Autism and Foster Children
When you're a foster parent, you can suddenly become a parent to a child who has a diagnosis you know nothing about. This was the case when our first placement came to us. While he didn't have a formal diagnosis yet, our caseworkers said autism was likely. We thought we were educated "enough" on various special needs, but we were in for a whirlwind of learning.
Here are my suggestions if find yourself the foster parent to an autistic child.
1. Get a formal diagnosis, if necessary. In our case, our foster son didn't have a formal diagnosis. Fortunately, the routine medical check-ups required in Texas provided us our first one to get him qualified for the therapies he needed.
2. Learn about therapy options. As soon as possible, learn about the therapy options available. Speech Therapy, Occupational Therapy, Physical Therapy, Play Therapy and Behavioral Therapy should all be available to your child as needed. You'll likely need doctor referrals for these therapies so get to know your clinic's staff well as you'll be in contact with them regularly. Once you know which therapies are required for your foster, find out what therapists in your area accept your foster's insurance. You will likely want to get on waitlists for 2-3 different therapist so you can see who can get to you first.
3. Get to know the IEP process. After you've gotten the medical diagnosis, it will be time to tackle the educational piece. If your child is school age, reach out to your child's school and request they evaluate him or her and provide their own diagnosis and recommendations. Request an ARD meeting as soon as possible to get all players in the same room (even virtually) to complete the process. If your child is not in school yet, it is still worth connecting with your school district to understand if resources are available to the child.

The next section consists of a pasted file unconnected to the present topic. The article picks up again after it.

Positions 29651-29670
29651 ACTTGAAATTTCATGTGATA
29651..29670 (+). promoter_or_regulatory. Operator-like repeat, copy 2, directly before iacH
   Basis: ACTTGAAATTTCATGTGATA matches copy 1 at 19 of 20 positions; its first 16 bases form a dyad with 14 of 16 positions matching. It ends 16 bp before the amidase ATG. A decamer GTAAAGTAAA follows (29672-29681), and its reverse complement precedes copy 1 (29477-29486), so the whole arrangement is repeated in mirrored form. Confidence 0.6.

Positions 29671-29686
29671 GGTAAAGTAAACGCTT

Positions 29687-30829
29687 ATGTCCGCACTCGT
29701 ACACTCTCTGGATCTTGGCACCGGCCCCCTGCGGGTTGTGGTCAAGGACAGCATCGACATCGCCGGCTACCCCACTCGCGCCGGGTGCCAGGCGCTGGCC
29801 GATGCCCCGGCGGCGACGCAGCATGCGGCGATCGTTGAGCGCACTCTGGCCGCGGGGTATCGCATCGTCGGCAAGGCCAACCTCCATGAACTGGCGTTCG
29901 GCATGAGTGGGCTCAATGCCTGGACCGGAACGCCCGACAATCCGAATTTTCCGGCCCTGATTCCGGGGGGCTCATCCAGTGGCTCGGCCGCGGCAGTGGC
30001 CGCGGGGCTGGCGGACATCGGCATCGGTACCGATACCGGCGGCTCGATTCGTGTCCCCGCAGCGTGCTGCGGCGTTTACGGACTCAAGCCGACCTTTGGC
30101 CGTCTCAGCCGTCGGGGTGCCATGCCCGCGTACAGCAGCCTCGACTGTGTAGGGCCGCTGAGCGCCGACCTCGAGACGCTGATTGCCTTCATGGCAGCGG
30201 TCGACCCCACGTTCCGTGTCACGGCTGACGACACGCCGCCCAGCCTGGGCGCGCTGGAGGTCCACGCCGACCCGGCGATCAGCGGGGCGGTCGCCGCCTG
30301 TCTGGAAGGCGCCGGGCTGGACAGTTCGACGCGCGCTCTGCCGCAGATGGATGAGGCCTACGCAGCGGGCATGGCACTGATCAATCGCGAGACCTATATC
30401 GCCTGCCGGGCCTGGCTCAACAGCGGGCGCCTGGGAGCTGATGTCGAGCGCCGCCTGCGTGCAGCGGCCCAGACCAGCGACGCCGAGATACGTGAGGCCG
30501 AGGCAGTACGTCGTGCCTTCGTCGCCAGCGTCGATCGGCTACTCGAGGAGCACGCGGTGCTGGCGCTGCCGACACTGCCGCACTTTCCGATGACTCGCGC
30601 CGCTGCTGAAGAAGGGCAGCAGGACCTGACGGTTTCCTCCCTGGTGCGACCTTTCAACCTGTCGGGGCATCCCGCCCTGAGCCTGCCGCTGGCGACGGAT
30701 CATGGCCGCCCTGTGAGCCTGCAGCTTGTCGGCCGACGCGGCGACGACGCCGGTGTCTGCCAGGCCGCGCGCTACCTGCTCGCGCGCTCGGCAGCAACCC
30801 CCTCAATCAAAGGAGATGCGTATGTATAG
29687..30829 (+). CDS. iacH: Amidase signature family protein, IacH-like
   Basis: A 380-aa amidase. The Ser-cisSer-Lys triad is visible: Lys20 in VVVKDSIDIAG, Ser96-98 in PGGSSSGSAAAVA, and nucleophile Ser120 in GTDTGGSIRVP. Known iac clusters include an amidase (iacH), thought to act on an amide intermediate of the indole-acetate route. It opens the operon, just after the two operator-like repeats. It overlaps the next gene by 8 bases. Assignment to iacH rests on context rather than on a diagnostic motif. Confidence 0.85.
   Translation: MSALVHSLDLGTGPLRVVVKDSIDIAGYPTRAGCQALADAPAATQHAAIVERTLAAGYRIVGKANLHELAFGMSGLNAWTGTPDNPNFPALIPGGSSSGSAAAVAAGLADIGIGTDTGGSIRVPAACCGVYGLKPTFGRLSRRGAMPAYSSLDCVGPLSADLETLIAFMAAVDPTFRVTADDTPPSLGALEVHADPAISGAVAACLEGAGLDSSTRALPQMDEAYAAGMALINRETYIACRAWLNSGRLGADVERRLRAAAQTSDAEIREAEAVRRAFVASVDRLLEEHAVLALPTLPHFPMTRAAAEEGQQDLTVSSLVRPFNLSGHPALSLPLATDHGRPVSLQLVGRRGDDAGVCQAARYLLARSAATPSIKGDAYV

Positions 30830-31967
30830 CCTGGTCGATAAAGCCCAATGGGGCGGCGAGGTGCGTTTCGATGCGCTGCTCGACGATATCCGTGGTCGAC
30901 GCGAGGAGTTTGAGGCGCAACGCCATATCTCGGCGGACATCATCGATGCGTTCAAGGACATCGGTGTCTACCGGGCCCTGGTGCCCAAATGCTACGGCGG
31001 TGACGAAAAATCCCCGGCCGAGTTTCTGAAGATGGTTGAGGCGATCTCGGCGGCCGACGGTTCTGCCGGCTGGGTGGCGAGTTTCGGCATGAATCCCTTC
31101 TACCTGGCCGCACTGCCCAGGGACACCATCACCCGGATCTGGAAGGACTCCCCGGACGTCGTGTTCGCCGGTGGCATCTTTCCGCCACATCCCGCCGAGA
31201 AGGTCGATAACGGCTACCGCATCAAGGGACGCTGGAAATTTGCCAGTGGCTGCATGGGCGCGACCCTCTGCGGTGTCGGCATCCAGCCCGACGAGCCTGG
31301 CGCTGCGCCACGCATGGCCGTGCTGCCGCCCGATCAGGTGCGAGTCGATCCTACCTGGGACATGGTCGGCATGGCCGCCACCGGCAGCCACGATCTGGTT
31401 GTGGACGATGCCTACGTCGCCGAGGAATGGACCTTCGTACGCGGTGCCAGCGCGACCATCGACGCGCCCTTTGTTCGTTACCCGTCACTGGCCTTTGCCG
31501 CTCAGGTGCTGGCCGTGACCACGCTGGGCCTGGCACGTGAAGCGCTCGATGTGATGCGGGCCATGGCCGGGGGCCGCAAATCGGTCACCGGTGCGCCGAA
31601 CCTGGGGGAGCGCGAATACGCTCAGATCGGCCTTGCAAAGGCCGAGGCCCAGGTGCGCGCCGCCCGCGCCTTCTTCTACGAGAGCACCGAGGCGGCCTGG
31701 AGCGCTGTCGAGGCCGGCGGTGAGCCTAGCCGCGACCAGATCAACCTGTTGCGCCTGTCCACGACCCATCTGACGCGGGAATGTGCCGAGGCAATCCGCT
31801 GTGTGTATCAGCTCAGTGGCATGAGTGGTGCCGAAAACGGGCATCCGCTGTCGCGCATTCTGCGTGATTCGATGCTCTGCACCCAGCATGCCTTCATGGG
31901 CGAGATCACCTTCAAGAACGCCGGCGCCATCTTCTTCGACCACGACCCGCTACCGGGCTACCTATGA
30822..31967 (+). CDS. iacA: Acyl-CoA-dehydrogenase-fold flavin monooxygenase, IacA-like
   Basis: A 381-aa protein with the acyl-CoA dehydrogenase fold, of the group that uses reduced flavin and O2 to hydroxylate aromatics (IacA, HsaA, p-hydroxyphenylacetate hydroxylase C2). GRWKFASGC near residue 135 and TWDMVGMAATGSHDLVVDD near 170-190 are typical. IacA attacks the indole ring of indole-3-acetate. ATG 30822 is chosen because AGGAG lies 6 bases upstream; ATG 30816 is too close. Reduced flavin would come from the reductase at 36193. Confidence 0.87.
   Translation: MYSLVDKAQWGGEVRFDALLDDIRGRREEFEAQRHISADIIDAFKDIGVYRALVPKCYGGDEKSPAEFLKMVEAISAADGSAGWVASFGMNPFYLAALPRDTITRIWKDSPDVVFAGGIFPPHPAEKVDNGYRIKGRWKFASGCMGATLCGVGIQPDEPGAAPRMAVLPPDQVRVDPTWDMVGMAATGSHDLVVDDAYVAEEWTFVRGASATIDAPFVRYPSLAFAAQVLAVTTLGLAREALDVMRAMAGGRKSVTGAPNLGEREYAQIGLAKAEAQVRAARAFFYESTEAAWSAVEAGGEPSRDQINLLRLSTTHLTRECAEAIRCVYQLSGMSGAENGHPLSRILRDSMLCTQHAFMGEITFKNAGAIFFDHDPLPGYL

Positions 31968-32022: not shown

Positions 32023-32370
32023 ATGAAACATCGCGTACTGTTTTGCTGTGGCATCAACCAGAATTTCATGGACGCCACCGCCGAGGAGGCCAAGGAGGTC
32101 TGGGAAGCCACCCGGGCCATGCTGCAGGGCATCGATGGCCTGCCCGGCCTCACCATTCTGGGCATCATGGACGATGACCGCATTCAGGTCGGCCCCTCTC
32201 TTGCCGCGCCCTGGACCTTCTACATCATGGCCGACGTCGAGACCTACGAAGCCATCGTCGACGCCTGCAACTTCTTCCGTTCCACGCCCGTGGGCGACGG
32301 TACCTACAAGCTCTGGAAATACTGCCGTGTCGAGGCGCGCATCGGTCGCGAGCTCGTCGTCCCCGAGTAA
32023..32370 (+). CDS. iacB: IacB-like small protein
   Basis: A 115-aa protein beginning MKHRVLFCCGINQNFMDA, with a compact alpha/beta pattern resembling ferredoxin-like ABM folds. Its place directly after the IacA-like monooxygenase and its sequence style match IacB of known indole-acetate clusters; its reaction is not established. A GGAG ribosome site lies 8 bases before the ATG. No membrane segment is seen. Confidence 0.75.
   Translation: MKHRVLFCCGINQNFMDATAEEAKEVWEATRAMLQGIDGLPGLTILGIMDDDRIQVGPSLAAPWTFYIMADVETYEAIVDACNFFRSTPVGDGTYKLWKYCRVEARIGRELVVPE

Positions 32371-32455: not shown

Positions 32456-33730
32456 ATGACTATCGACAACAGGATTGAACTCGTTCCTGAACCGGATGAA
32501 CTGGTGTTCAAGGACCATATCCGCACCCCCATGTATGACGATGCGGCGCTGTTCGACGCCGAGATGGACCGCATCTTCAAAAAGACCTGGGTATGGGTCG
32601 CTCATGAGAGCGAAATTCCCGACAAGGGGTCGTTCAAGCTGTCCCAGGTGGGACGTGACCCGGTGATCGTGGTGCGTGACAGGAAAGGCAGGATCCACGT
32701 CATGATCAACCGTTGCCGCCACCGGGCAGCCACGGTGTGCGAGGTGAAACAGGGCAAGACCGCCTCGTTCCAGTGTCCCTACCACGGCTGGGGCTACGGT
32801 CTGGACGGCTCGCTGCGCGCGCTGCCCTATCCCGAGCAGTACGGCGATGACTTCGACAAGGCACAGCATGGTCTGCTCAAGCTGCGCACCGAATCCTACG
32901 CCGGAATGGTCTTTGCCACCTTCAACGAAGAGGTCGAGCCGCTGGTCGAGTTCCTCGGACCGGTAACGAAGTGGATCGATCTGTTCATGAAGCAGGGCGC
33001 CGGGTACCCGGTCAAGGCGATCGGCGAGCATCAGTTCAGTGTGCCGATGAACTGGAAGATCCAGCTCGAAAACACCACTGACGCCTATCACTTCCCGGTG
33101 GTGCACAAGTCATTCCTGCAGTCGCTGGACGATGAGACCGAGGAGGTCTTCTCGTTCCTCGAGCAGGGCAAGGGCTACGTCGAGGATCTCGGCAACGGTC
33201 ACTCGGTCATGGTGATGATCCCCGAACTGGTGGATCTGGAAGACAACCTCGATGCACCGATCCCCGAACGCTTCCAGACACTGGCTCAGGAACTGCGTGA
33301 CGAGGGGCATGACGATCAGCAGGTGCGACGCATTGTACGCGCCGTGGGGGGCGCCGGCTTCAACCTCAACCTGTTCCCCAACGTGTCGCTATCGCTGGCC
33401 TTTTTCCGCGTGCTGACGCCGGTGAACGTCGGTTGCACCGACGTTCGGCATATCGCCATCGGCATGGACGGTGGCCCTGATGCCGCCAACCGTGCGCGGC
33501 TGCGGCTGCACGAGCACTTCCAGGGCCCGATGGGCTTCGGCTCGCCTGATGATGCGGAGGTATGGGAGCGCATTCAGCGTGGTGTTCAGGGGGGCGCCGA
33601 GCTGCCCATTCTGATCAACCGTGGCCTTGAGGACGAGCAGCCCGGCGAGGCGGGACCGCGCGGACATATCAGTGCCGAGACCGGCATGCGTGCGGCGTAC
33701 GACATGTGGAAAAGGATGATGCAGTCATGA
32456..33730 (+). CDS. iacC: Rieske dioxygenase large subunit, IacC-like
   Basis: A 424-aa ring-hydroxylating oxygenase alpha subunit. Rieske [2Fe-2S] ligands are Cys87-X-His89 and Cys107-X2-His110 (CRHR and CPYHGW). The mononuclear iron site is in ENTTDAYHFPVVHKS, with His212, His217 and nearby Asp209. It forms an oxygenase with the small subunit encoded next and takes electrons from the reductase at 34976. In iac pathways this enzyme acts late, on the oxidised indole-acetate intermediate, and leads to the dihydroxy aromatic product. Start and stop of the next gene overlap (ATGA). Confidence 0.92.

4. Read Uniquely Human. This book helped to reframe how I saw autism. Written by a researcher who has studied autism for decades, the book will help you view autism not as a disorder but as the unique way autistic people view and engage with the world around them.
5. Learn about Gestalt Language Processing. If your autistic foster child has a speech delay, learn about Gestalt Language Processing. This was a game-changer for us as it helped us understand our guy's echolalia (repeating speech) and how to move him past that. What I tell people who have a child who is a GLP is "repeat the echoed speech back to the child, and do it often". This seemed to tell our foster son that his voice communicated. The next thing we did is constantly give him phrases to say in situations. For instance, we'd say "Do you want a snack? Say, "I want a snack" and he would repeat it (we'd never withhold the snack if he refused, just gently encourage him to request it and he almost always did). About 6-7 months in, he started communicating without these prompts. After 13 months, he wasn't quite at a point of speaking like a neurotypical 6-year-old, but was much more able to communicate his wants and needs.
6. Hear autistic voices. They will help you understand what your child may not be able to communicate.
If you're a foster parent of an autistic child, know that you are not alone. There are other families out there who have gone through or are going through the same thing. Get resources, listen and learn, and above all, be there to love your autistic foster child in the way that works for them. It's not always easy, but it is definitely worth it!
I'm a foster mom, bio mom, working mom, special needs mom, busy mom. I'm also married to my high school sweetheart, I'm a proud 23-year childhood cancer survivor, and I'm passionate about serving my community.
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